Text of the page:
Written about in House Beautiful, Southern Accents, The New York Times, and other publications, Ann shares the secrets of her approach to collecting and decorating with you here:
“I always go for the really fine, extraordinary pieces like this 18th century Italian arm chair. The carving is a flawless expression of the time and place this piece represents. I also like the fact that this is the original finish. It looks old. If you leave the finish alone–and even the upholstery, if possible–the true quality of the piece comes through so beautifully.
This 18th century Swedish cabinet has very fine, champfered paneling. Its size, the texture of its worn paint, and detail gives it a lot of presence in any room. The chairs (also Swedish) are rococo in style, with beautifully carved cabriole legs. I love the color and texture of the old leather seats and painted wood. They go so beautifully against the pale gray cabinet.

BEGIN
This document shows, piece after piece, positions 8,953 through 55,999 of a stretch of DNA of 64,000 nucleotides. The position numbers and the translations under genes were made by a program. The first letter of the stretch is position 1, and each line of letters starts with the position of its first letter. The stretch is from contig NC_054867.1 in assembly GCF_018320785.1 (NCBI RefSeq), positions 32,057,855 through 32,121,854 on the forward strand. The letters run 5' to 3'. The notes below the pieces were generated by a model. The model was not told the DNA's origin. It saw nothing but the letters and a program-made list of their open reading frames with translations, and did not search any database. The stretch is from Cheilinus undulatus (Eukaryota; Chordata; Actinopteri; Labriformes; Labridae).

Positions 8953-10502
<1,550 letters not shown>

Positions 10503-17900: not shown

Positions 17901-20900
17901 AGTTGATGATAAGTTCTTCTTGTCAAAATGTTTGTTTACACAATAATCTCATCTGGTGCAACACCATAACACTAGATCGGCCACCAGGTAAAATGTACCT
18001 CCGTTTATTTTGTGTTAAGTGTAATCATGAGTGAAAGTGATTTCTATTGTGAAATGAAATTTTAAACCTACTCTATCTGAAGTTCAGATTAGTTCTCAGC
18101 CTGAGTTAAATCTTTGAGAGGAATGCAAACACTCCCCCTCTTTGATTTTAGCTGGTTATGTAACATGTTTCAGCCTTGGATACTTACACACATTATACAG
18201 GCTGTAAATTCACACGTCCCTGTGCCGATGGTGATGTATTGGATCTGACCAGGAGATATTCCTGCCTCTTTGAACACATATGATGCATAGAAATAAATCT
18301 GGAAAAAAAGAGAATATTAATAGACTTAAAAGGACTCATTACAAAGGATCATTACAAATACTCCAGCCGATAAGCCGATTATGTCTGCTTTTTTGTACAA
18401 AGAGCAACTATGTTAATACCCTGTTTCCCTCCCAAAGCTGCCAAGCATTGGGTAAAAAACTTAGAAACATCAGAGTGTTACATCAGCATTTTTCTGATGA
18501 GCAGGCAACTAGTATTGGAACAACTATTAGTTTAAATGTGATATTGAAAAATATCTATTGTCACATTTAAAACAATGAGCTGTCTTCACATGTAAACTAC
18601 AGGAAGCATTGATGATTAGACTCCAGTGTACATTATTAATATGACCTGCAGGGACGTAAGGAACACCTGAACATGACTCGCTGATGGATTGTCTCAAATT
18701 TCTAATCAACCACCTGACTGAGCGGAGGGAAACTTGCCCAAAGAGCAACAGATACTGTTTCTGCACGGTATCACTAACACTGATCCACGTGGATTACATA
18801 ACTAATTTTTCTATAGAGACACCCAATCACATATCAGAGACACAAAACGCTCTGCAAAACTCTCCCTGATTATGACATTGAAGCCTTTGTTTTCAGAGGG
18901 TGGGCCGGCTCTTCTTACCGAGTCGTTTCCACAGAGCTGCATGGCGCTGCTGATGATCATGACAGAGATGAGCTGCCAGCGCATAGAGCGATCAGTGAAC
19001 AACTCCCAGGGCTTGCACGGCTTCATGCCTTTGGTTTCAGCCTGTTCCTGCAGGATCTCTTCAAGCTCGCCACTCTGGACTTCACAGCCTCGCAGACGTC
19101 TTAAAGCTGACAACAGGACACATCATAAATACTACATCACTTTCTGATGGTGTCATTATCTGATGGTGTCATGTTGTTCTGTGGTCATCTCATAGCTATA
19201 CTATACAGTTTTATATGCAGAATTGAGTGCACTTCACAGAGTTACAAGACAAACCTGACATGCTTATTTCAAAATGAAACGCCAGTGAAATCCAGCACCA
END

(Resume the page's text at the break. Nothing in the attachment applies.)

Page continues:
The iron-frame orangerie window (French, 19th century) is one of a pair. I mirrored the other one with silver leaf. The 20th-century Lucite chair has wonderful, true lines, which is why it can mix well with pieces from another period. I love putting modern pieces with very simple lines next to older ones. Clear pieces like these play beautifully with the light–and almost disappear.
In the dining room, bold contemporary Italian glass contrasts with delicate 19th c. American chairs.